Research ArticleMACROPHAGES

Gut-resident CX3CR1hi macrophages induce tertiary lymphoid structures and IgA response in situ

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Science Immunology  10 Apr 2020:
Vol. 5, Issue 46, eaax0062
DOI: 10.1126/sciimmunol.aax0062

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Editor's Summary

Follicle Architects in the Colonic Mucosa

Experimental Salmonella infections in the colon of mice are associated with a heterogeneous infiltrate of inflammatory myeloid cells including a predominance of cells expressing the CX3CR1 chemokine receptor. Koscsó et al. used a fluorescent reporter mouse strain to separate the inflammatory myeloid infiltrate into subsets of cells with low, intermediate, and high levels of CX3CR1 expression. RNA sequencing analysis provided clues to the functional roles of each subset. The CX3CR1hi macrophages were enriched within tertiary lymphoid structures that developed at mucosal sites of Salmonella invasion and contributed to induction of localized IgA antibody responses to Salmonella through expression of CXCL13, TGF-β1, and IL-10. These findings enhance our understanding of the functional diversification of the macrophage subsets associated with colonic inflammation.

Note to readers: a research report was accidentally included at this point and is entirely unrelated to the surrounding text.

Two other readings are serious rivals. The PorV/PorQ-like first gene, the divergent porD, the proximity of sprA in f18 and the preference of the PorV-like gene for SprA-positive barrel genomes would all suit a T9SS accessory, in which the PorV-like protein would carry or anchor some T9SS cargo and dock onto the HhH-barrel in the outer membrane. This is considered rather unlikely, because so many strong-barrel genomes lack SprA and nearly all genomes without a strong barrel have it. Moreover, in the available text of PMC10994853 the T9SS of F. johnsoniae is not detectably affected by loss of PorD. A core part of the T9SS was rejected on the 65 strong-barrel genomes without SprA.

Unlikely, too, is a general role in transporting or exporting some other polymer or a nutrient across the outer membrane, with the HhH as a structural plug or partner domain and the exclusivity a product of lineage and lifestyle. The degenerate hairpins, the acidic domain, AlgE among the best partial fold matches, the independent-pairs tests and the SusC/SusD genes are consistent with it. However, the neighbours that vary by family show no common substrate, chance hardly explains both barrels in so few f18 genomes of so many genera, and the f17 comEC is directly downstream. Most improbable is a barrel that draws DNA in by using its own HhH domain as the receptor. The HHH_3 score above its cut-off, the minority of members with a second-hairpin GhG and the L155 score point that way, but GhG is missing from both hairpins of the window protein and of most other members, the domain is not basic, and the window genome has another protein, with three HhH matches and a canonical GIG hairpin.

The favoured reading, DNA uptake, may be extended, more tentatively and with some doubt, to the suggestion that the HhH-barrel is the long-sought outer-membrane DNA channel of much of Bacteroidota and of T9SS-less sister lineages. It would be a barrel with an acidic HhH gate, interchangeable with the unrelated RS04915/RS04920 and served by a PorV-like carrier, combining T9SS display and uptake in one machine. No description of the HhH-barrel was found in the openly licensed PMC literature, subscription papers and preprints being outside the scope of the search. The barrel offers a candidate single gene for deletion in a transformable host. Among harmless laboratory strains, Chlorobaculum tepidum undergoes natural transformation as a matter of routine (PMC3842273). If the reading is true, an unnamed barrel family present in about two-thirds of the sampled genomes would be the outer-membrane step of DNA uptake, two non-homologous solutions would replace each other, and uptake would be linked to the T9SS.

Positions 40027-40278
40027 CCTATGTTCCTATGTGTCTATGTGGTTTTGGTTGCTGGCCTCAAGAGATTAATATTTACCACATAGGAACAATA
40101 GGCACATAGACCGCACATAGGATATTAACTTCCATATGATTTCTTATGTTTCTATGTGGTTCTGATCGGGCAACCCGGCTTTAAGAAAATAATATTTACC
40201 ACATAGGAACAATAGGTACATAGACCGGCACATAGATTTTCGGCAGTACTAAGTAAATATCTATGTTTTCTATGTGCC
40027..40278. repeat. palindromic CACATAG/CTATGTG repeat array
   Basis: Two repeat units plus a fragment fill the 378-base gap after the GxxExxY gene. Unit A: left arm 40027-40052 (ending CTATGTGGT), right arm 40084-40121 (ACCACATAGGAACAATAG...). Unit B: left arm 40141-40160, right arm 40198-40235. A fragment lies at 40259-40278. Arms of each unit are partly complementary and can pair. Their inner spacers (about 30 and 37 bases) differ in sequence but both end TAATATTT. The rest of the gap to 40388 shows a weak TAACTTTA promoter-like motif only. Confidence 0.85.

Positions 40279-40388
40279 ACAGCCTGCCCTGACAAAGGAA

Intestinal mononuclear phagocytes (MPs) are composed of heterogeneous dendritic cell (DC) and macrophage subsets necessary for the initiation of immune response and control of inflammation. Although MPs in the normal intestine have been extensively studied, the heterogeneity and function of inflammatory MPs remain poorly defined. We performed phenotypical, transcriptional, and functional analyses of inflammatory MPs in infectious Salmonella colitis and identified CX3CR1+ MPs as the most prevalent inflammatory cell type. CX3CR1+ MPs were further divided into three distinct populations, namely, Nos2+CX3CR1lo, Ccr7+CX3CR1int (lymph migratory), and Cxcl13+CX3CR1hi (mucosa resident), all of which were transcriptionally aligned with macrophages and derived from monocytes. In follow-up experiments in vivo, intestinal CX3CR1+ macrophages were superior to conventional DC1 (cDC1) and cDC2 in inducing Salmonella-specific mucosal IgA. We next examined spatial organization of the immune response induced by CX3CR1+ macrophage subsets and identified mucosa-resident Cxcl13+CX3CR1hi macrophages as the antigen-presenting cells responsible for recruitment and activation of CD4+ T and B cells to the sites of Salmonella invasion, followed by tertiary lymphoid structure formation and the local pathogen-specific IgA response. Using mice we developed with a floxed Ccr7 allele, we showed that this local IgA response developed independently of migration of the Ccr7+CX3CR1int population to the mesenteric lymph nodes and contributed to the total mucosal IgA response to infection. The differential activity of intestinal macrophage subsets in promoting mucosal IgA responses should be considered in the development of vaccines to prevent Salmonella infection and in the design of anti-inflammatory therapies aimed at modulating macrophage function in inflammatory bowel disease.

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